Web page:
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    Domestic Violence Charges

    Many people in Colorado are under the impression that what goes on between two people, whether they are married, dating, partners, or simply even roommates, belongs behind closed doors and is not the business of anyone else.  Although this can be true in many cases, the authorities may become involved if allegations of abuse are made by one or more parties in a domestic setting or personal relationship.  If you or a loved one has been accused of domestic violence, you could be facing criminal penalties and may even have a restraining order placed against you if you do not seek representation from an attorney immediately. Colorado Criminal Defense Lawyer H. Michael Steinberg has 26 years of experience handling criminal offenses such as domestic violence and he will know exactly what to do for your case. 

    Denver Colorado Lawyer Combating Domestic Violence Allegations

    Domestic violence or abuse can take many different forms, and is not necessarily always physical.  In some instances, a person could be charged with domestic violence for verbally abusing, threatening, or intimidating another person.  No matter what the reasons are for domestic violence allegations, it is important that a lawyer fully investigate the situation to expose any false claims.  Motivated by anger, revenge, jealousy, or malice, some people have been known to falsely accuse others of domestic violence.  All it takes to alert the police is a simple phone call, and cases of domestic violence and abuse often involve one person’s word against another’s.  In situations such as these, your Burbank criminal defense attorney will fight to expose these allegations for what they really are: fabricated lies.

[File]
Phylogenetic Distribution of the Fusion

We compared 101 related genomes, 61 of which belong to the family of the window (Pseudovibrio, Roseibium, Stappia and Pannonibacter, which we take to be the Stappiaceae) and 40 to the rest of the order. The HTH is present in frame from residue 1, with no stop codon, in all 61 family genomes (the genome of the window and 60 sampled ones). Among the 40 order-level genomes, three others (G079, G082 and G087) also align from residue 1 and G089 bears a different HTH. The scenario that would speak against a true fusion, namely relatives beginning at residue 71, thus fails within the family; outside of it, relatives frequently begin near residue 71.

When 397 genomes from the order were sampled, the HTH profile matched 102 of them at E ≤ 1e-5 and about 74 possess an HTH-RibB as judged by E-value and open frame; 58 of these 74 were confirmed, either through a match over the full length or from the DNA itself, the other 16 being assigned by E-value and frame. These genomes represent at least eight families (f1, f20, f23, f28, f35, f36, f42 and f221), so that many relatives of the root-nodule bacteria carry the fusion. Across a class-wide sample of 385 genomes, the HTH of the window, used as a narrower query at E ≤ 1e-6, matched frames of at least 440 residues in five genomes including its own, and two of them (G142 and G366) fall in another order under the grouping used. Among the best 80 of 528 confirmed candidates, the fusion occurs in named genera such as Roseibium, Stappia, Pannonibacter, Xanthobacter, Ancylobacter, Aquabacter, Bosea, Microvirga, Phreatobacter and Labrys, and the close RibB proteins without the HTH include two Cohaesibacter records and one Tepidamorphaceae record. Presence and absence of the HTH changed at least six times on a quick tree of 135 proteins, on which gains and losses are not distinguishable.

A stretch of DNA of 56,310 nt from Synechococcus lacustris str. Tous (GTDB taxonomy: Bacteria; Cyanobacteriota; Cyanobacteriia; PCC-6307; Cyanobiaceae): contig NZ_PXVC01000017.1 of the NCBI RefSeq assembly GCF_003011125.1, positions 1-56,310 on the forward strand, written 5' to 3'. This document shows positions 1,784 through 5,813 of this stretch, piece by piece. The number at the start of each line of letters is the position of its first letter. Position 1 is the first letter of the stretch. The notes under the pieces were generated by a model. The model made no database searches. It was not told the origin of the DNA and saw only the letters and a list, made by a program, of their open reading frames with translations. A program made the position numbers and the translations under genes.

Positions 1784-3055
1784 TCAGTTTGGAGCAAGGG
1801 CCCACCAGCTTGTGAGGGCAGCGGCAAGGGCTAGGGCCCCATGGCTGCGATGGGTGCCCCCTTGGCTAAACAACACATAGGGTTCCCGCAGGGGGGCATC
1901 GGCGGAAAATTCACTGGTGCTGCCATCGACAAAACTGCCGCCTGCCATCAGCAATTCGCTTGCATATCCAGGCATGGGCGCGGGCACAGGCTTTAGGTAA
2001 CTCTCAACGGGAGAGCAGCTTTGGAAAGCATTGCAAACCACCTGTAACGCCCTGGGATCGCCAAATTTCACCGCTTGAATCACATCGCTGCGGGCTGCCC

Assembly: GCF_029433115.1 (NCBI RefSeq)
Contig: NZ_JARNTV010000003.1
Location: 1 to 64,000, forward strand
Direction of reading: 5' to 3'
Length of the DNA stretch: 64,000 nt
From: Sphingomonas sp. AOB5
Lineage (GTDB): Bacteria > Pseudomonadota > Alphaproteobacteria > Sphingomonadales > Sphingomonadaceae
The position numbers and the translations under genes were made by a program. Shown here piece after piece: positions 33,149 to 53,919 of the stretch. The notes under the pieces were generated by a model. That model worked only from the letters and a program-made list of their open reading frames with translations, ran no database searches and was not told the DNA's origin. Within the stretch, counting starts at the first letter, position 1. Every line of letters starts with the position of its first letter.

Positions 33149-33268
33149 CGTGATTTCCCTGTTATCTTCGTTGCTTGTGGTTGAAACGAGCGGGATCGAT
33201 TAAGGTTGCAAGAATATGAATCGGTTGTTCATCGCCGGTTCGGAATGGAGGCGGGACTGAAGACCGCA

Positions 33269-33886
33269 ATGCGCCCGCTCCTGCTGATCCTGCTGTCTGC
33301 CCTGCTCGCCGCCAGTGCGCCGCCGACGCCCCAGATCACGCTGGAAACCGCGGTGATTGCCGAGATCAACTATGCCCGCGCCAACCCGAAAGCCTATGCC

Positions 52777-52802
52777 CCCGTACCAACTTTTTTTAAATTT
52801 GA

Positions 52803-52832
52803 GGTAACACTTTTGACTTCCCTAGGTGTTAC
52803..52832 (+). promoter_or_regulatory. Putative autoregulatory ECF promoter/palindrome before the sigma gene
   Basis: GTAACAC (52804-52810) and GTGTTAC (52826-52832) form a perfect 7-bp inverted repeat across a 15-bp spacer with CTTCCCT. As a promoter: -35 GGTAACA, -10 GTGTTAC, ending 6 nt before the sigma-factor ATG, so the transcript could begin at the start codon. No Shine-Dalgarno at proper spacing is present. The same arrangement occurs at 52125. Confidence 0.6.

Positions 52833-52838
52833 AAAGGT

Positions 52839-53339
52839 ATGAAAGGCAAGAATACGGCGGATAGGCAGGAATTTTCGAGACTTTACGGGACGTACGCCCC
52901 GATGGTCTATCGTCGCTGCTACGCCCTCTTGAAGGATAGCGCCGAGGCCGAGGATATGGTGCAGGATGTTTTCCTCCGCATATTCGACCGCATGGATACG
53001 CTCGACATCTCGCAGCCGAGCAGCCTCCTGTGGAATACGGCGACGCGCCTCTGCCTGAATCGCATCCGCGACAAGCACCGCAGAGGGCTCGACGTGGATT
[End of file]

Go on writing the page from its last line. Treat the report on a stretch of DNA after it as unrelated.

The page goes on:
A Colorado expert in this area, Dr. Charles Cory writes: 

    The Colorado legislature has enacted laws to assist police and prosecutors convict the guilty and stop the abuse of intimte partners and family members. The intent behind these laws is well meaning and necessary.

    Problems arise when laws designed to protect a victim of domestic violence are used too broadly and are applied to normal families and relationships. A big difference exists between an abusive partner repeatedly committing violent acts, and a nonviolent family or relationship in which a single argument went too far.

    Unfortunately, the politicians and authorities do not see the difference!!! To the self-proclaimed saviors and protectors of abused “victims,” any allegation of domestic violence means the relationship must be one continuously engaged in abusive behavior.

    As John Maquire puts in his article The Booming Domestic Violence Industry in Massachusetts News:

    “The domestic violence entrepreneurs and state officials live in a different world from us. A sense of nameless vague threat is always in the background. To hear the pros talk, all the men they deal with are batterers, sexual abusers, or virtually time bombs of violence. Repeated cliches like “at risk” and “a safe place” and “maintaining safety” pepper their sentences. Yet, in many cases, there is no evidence of violence or any kind of serious harm to children, merely an accusation by the mother. But in the DV industry, when the accusation is made, the case is closed.”